In this month’s edition, we will discuss the forthcoming Windows 8 operating system, due for release later in the year. As with most new product releases, Microsoft allow the broader community the ability and chance to test-drive their products as part of the consumer preview. After having run Windows 8 on a couple of the laptops, we can say that we are impressed.
So what will be the main differences between Windows 8 and Windows 7? Well most importantly, the Start button and menu has disappeared. Microsoft have decided to make Windows 8 the next generation operating system for touch screen, tablet, notebook, mobile and PC devices, which means you will get a consistent user experience across all your devices. The Start menu has been replaced by a tile-based system that works with those of you using a mouse, a touch screen or a multi-touch surface (like a tablet). Although the change will take a bit of getting used to and some of you may not like it initially, we have actually found that the new tile based system is more intuitive and we think its ok.
Also new is the introduction of an apps store and Windows Live profile that synchronises across devices. So when you login to your laptop, you are presented with the start menu which contains all your local windows PC apps like office and so on. The difference now, is that you can download or purchase apps from within the start menu and these applications will immediately synchronise to your other devices. We have found this feature to be seamless when installing the sample applications and having these available on our mobile devices shortly thereafter.
The traditional desktop is there, but it appears to be a sign of the times as Microsoft start to move us away from that type of interface. Another cool feature will be gesture control. Gesture based hand movements will also be supported in Windows 8, so those that have a monitor on their desk that is too far away from touch can still continue to use their mouse or add-on a gesture based control panel. It seems that the technology we saw in the movie Minority Report is actually starting to make its way in to mainstream products now and this will only change the way we interact with computers and devices.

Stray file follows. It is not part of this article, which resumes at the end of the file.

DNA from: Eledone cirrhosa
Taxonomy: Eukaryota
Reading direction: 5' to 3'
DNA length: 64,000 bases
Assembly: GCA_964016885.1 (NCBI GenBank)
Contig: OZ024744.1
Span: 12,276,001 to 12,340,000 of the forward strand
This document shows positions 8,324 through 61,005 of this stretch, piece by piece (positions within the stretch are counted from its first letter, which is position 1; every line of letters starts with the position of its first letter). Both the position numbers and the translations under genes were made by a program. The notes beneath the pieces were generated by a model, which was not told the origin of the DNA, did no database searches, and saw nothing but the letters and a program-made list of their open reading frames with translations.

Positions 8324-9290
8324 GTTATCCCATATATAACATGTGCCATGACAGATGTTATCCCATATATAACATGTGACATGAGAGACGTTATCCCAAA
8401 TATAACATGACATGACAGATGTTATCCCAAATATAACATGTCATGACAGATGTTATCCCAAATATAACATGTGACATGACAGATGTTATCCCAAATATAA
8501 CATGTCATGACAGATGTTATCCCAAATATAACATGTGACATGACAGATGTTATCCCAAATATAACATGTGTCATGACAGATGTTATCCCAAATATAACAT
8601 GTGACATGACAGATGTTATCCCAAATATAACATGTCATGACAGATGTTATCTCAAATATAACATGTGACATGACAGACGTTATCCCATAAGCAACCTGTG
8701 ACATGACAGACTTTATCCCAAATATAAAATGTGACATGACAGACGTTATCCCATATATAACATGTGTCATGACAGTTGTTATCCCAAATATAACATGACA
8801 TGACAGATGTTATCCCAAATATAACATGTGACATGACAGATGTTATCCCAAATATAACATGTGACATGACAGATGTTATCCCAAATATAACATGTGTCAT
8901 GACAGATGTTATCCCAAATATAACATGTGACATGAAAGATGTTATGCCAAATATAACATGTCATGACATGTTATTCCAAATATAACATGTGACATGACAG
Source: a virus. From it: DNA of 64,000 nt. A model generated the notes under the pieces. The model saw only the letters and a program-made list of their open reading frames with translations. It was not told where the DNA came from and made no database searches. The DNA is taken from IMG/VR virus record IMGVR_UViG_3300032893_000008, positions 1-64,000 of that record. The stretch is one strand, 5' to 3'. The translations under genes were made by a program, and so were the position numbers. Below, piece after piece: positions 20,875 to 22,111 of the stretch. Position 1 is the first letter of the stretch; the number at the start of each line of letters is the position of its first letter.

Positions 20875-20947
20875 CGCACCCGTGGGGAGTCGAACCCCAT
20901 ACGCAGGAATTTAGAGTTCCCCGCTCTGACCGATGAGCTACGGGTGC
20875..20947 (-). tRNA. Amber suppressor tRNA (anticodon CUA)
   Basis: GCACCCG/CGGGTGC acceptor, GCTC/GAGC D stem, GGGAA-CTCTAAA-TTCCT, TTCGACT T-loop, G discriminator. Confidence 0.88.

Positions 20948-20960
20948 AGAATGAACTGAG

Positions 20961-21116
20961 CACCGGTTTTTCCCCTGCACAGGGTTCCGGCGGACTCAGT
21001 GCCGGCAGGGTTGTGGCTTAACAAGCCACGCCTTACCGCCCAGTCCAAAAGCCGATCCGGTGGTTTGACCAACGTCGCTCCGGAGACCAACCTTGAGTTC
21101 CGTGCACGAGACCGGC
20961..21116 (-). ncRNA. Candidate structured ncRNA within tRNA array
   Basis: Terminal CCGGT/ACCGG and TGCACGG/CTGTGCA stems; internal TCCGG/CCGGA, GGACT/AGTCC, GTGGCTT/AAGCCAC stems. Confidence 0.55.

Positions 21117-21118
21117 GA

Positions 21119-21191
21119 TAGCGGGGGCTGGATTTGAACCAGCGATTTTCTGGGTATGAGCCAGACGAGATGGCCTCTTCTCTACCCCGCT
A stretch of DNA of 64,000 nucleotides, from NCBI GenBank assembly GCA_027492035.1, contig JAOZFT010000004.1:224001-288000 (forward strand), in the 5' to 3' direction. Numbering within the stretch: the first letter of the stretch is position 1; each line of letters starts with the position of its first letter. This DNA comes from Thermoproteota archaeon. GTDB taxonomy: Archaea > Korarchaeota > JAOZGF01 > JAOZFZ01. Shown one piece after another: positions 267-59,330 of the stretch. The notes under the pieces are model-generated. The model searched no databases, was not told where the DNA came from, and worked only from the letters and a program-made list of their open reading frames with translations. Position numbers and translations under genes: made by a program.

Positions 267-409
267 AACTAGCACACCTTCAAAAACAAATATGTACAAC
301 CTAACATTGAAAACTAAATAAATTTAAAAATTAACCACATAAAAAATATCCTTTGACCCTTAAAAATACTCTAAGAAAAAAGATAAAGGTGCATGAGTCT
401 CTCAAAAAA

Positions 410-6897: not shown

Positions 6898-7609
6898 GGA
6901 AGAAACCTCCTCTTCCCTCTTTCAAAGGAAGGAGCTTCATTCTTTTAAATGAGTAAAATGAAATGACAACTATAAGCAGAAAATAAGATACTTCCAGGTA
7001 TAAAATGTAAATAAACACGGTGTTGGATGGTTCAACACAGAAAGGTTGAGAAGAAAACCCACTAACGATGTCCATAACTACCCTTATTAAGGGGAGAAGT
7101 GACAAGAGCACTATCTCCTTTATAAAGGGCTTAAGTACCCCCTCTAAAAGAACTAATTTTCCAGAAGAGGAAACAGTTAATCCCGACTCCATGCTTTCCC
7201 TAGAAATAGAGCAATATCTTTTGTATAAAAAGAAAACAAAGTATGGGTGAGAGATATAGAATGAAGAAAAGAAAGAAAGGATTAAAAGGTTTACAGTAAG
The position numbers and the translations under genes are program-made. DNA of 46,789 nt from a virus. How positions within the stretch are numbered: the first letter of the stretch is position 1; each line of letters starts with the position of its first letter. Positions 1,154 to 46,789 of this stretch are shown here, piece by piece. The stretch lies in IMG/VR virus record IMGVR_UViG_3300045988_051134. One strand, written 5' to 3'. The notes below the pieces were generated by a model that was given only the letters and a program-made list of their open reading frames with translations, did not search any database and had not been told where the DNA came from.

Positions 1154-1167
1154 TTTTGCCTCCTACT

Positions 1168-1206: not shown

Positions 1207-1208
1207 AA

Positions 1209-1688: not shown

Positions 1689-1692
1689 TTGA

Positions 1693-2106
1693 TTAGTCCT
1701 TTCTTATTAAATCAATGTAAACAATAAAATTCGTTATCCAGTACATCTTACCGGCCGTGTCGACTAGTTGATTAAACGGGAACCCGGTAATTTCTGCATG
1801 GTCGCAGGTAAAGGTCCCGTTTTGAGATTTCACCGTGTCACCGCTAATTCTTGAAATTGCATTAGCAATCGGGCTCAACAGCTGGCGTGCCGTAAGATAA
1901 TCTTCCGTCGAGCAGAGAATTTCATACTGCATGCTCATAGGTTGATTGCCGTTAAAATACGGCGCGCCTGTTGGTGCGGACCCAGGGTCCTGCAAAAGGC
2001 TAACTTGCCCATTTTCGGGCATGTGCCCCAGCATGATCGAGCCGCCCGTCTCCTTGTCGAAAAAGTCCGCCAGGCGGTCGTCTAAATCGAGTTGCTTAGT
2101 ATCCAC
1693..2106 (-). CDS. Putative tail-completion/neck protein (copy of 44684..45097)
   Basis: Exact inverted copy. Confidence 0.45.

What does this mean for corporate users? We hope that these changes will improve productivity but more importantly, we think it will challenge the way you use mobility devices for access to corporate resources. For example, having your documents available to you no matter where you go regardless of the device, Windows 8 will keep you connected to corporate resources no matter what. The benefits of application mobility will be a key turning point in ensuring that your line of business applications run on your desktop, laptop, tablet or mobile phone and enable better productivity gains.
If you would like a demo of Windows 8, then give us a call and we will be more than happy to show you the new features of Windows 8 before its release scheduled for July this year.